Jasinski steps down as Irish coach
Joe Meixell | Tuesday, December 7, 2004
Notre Dame head men’s golf coach John Jasinski announced his resignation due to personal reasons Monday. Jasinski had been on administrative leave since mid-November.
“We understand and respect John’s decision,” athletic director Kevin White said in a release Monday. “We appreciate his contributions to our golf program and we wish him the very best.”
The weeks since Jasinski first went on administrative leave had been mentally taxing on members of the team and those close to the coach.
“[Since] he was on leave, we were all waiting,” junior Eric Deutsch said. “It was in the back of our heads [that Jasinski might leave], but we were hoping against hope that he’d come back.”
For some members of the team, the announcement came as a surprise.
“Initially, my reaction was kind of disbelief. I was unaware until we received a formal announcement,” sophomore Cole Isban said.
Jasinski had been the head coach of the Irish for more than three years, and he was the first golf coach for the Irish to occupy that position full-time. During his tenure, he helped begin the turnaround of the program, and his 2004 team won the Big East Championship and went to its first NCAA regional berth since 1966, where the Irish finished 12th out of 27 teams.
“He was crucial to the turnaround of our program,” Isban said.
Before coming to the Irish, Jasinski was the head coach at the University of Toledo for nine seasons. While with the Rockets, Jasinski turned that program around, just as he did when with the Irish. After 1995, Toledo never finished worse than second place in the Mid-American Conference, and competed in the NCAA Tournament in his final four years there.
“He built the program, and it was middle of the pack before him,” Toledo assistant athletic director of media relations Paul Helgren said.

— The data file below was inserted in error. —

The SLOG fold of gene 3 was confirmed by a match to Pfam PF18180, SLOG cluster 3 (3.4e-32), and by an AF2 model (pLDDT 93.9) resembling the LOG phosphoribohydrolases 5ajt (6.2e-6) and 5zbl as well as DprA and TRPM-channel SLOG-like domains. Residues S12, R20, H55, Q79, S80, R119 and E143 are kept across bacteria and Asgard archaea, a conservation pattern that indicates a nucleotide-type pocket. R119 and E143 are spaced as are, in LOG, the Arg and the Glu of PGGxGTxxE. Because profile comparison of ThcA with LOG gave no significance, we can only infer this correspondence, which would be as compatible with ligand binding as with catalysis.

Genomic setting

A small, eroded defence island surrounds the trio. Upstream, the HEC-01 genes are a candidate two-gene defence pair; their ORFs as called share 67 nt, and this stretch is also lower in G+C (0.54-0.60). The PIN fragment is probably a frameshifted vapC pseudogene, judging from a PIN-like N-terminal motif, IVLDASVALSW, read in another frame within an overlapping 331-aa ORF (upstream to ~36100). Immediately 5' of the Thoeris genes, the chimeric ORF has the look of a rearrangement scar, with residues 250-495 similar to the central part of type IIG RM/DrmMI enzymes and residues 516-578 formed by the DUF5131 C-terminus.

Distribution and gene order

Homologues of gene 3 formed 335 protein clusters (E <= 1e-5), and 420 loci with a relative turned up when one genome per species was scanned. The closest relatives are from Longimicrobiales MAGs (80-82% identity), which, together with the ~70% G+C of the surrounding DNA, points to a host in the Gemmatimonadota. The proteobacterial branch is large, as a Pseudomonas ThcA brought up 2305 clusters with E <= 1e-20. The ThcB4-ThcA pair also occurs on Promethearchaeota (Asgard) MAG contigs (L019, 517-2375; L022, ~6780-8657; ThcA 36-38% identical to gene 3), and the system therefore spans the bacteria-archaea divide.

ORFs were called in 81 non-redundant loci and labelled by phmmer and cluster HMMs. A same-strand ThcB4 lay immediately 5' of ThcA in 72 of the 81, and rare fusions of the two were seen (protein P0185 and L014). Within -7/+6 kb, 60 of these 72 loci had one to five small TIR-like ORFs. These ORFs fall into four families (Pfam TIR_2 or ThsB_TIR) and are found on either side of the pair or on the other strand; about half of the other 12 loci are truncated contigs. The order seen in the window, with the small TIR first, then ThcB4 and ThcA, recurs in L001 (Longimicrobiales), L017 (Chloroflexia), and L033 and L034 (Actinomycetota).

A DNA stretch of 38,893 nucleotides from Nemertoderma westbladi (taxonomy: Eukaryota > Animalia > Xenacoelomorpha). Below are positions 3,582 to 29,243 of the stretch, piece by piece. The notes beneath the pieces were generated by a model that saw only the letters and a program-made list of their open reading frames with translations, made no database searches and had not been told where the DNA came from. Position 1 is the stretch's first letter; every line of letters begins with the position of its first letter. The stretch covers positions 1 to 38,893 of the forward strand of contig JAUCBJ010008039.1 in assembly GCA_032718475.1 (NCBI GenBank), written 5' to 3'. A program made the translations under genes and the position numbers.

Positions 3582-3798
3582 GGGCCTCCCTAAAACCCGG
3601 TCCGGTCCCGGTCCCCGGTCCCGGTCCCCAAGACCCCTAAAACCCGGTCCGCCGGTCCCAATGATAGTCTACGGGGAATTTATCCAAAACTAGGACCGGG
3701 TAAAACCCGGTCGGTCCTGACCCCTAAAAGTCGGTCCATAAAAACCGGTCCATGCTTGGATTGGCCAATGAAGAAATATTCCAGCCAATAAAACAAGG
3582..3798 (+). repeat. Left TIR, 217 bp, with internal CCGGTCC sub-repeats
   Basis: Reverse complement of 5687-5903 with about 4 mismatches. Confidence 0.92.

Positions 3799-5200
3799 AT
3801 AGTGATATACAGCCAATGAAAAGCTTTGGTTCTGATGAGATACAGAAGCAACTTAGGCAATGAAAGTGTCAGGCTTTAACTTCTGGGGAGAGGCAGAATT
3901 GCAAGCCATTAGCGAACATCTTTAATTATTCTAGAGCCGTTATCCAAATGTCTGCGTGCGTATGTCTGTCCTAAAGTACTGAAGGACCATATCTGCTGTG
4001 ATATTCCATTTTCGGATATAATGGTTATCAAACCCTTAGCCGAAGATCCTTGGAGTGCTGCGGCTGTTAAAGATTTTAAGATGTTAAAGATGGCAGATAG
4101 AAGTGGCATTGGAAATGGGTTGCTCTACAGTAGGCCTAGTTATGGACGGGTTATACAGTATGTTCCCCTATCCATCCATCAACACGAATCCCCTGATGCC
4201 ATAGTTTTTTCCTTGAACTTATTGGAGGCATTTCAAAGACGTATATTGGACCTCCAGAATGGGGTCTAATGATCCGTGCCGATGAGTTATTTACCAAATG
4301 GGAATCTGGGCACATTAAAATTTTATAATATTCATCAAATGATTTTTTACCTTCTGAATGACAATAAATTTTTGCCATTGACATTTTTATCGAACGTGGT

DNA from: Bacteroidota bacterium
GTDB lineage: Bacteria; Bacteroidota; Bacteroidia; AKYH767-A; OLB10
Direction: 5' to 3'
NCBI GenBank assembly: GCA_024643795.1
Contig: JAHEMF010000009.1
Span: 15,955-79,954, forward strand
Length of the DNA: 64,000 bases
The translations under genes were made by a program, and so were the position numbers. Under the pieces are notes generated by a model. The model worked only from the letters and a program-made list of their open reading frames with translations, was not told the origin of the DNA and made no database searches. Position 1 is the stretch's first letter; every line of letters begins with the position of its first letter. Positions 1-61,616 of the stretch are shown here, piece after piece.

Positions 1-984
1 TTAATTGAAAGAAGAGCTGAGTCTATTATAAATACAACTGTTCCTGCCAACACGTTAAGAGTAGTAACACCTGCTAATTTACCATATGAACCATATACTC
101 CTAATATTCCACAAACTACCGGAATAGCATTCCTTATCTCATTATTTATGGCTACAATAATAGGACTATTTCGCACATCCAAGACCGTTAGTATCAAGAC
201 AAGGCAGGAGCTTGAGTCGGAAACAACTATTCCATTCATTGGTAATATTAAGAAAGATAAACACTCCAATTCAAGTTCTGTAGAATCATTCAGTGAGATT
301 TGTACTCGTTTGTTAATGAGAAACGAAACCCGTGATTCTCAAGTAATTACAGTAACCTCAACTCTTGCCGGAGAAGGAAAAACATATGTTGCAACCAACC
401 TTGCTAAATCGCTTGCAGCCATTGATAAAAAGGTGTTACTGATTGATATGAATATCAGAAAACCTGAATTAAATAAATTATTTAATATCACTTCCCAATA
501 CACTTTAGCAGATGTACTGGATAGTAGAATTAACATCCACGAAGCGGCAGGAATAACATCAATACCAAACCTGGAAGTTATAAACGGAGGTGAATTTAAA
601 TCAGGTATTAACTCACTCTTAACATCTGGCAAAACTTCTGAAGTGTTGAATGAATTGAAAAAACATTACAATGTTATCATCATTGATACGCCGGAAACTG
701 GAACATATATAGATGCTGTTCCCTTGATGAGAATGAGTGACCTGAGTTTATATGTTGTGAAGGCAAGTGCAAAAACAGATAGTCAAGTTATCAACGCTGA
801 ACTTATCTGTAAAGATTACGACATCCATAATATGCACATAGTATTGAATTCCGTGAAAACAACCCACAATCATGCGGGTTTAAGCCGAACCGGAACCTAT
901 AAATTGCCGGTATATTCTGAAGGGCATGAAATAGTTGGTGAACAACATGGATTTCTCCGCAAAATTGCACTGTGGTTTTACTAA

Helgren said that while at Toledo, Jasinski raised the profile of the golf program, cultivating boosters. By the end of his time there, golf was the most funded team behind football and basketball, according to Helgren.
His Notre Dame team said nothing but good things about their former coach.
“I feel fortunate to have been coached by him,” junior Scott Gustafson said.
The Irish also had respect for Jasinski as a person.
“You can’t talk about him without mentioning what he did off the course,” said Isban. “He changed not only my approach to golf, but my approach to life.”
Added Deutsch, “He made me a better person.”
In Jasinski’s absence, assistant coach Chris Whitten will serve as interim coach, and no timetable has been set for finding a new coach.
“At some point we’ll advertise, but right now I don’t know when,” associate athletic director John Heisler said.
“I think we have to pick up and move on,” Isban said. “Initially, we want to pity ourselves and feel sorry for ourselves, but we have to move forward towards the next step.”
From the player-coach standpoint, goodbyes will be difficult on both ends.
“In just over three years of service, Notre Dame has had a tremendously favorable impact on my professional career and an even further positive influence on my wife and children,” Jasinski said in the statement. “We will always keep Notre Dame dear to our hearts.”
In the end, the announcement may prove toughest on his players, especially the upperclassmen who played for him for three or four years.
“He was a friend of mine,” said Gustafson. “He brought me here, and I was planning on spending four years with him. Obviously, that’s not going to happen.”